Federal Judge P.K. Holmes has denied the Razorback Foundation’s motion to dismiss former Razorback coach Bret Bielema’s lawsuit over its refusal to pay some $7 million he says he’s owed following his firing. It had paid about $4 million but stopped paying after it contended he hadn’t tried hard enough to get suitable work that could offset the severance payments.

The Foundation had tried to get the suit dismissed because Bielema had said the Foundation was thoroughly intertwined with the University of Arkansas. If so, the foundation said, it should qualify for immunity from lawsuits against the state. Bielema then said he wasn’t alleging the foundation is an arm of the state and Holmes rejected the foundation argument that this was a “sham” amendment to his original complaint.

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The foundation also wanted the suit dismissed because it contends the case should be tried in state court in Washington County. Bielema argues that the contract agreement, as amended, only specified suit in Washington County, and there’s a federal court branch there.

Holmes wrote:

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Forum-selection clauses limiting the venue of an action may impose both geographic and jurisdictional limits, and may be permissive or mandatory. Because the forum-selection clause here states that “Washington County, Arkansas, shall be the exclusive venue for any action arising under or relating to this Agreement,” it is clear that the clause is mandatory. Legal action is limited to the identified venue, and no other. The parties’ disagreement is whether the mandatory venue limitation intended to be imposed by this clause are both geographical and jurisdictional, or only geographical Bielema has the better argument—this language, considered in light of the circumstances facing the parties when they entered into the contract, reflects an unambiguous intent to impose only a geographical limitation

Here’s the opinion. Much more to come in this case.

UPDATE: Several readers said, well: If the Razorback Foundation is a state entity, isn’t it subjection to the Freedom of Information Act?

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It appears Tom Mars, Bielema’s lawyer, has already thought of that.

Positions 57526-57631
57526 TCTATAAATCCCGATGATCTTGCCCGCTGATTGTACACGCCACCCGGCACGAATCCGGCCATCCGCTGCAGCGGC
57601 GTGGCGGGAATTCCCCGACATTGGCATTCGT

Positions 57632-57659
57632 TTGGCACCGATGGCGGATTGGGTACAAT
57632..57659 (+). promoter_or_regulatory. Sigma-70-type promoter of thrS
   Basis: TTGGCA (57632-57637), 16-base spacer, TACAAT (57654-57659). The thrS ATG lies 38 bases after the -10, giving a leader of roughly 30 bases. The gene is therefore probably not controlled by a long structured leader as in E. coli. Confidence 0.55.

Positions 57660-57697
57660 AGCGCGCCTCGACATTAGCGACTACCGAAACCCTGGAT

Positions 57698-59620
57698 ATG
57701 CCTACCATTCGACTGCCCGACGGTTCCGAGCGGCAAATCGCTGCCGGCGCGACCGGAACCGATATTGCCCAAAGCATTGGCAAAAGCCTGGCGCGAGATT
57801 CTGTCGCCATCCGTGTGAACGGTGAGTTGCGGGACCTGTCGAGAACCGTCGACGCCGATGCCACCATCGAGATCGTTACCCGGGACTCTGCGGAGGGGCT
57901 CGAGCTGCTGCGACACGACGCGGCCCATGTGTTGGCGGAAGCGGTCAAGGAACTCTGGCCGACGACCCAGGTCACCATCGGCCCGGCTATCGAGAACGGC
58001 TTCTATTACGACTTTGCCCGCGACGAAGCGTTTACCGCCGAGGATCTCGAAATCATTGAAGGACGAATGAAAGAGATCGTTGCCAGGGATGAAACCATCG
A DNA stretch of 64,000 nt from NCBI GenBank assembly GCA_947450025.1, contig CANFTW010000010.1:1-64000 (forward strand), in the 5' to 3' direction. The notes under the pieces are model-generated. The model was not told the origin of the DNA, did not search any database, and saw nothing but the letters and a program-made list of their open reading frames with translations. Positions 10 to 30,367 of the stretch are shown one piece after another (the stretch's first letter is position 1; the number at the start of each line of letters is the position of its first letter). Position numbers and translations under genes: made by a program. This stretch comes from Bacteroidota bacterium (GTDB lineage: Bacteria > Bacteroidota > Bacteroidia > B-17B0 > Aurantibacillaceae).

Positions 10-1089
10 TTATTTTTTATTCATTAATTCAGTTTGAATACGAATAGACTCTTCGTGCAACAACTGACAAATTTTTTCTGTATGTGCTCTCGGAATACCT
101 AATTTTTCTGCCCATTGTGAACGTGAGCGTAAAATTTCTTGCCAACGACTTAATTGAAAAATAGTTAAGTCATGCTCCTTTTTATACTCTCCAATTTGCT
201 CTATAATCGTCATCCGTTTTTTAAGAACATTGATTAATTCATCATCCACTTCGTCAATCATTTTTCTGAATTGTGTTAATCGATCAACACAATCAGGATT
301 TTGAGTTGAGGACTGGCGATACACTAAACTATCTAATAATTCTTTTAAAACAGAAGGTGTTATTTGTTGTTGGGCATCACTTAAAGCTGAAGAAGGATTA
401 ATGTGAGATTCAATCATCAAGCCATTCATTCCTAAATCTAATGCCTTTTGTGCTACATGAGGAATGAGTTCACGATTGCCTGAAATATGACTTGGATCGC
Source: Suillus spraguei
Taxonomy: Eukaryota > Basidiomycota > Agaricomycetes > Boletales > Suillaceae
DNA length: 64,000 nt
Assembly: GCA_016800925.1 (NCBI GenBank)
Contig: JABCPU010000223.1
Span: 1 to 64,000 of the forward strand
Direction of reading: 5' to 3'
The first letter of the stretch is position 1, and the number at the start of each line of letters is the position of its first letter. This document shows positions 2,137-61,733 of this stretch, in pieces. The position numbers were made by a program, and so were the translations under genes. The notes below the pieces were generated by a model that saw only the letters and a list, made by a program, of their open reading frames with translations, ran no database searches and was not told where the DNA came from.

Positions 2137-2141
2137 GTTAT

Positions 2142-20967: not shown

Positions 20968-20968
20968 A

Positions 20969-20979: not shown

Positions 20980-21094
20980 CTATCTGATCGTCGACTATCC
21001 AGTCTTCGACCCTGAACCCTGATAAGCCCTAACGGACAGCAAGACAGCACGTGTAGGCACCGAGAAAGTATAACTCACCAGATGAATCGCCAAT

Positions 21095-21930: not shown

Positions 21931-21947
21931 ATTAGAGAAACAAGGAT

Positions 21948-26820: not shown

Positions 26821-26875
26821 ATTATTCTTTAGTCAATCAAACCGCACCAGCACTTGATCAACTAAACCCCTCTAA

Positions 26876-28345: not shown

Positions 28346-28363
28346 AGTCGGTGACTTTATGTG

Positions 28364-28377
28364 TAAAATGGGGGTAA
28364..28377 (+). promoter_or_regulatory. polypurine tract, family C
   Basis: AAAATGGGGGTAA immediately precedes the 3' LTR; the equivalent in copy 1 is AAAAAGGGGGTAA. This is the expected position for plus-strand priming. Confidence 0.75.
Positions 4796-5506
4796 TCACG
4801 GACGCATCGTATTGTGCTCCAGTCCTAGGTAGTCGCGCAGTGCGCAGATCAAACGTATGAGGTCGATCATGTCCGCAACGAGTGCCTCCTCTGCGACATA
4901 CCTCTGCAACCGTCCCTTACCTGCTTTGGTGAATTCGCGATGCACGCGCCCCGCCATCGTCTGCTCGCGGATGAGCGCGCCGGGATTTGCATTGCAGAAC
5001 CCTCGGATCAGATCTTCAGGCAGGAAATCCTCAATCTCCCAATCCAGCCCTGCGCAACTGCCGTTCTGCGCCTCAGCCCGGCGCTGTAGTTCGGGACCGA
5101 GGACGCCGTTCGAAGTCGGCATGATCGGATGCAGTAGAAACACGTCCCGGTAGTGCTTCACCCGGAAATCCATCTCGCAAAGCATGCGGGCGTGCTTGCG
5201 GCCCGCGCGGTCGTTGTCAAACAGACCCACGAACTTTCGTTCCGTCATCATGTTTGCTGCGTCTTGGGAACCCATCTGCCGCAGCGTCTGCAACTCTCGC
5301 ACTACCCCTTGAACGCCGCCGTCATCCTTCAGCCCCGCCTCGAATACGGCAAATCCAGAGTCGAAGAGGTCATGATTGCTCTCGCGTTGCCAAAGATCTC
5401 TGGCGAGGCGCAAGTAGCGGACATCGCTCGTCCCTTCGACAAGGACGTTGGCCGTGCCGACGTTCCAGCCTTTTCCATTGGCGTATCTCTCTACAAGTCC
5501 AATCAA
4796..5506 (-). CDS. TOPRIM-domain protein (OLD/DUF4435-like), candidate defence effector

This letter is part of the pleadings in the case, from Mars to the Foundation’s attornety:

It has several interesting points in the dispute, but this paragraph is relevant to the FOI:

For your information, we will soon be submitting a request for public records related to
this dispute to the University of Arkansas. After thoughtful consideration, much research, and consultation with a lawyer who is regarded as an expert on the Arkansas Freedom of Information Act (“FOIA”), we have decided to submit a similar, if not identical, FOIA request to the Foundation. Although we expect the Foundation to resist such a request, we take the position that the Foundation essentially acts as a wing of the University Athletic Department and is so entwined with the University that its records should be regarded as “public records” under the FOIA.

Deja vu all over again. I made a similar argument in, oh, 1986 or so. The attorney general at the time agreed that the Foundation was so intertwined with UA the records should be open. That led to efforts to establish the foundation as independent, with its own building and such. But of course, through handling preferred seating arrangements and guaranteeing parts of coaches’ contracts with the UA, that independence has long been essentially a fiction.

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Perhaps the Bielema suit will lead to a definitive legal answer. More likely, it seems to me, particularly after its loss on getting the suit tossed, would be the Foundation deciding to do some settlement negotiations lest some dirty laundry be revealed through FOI.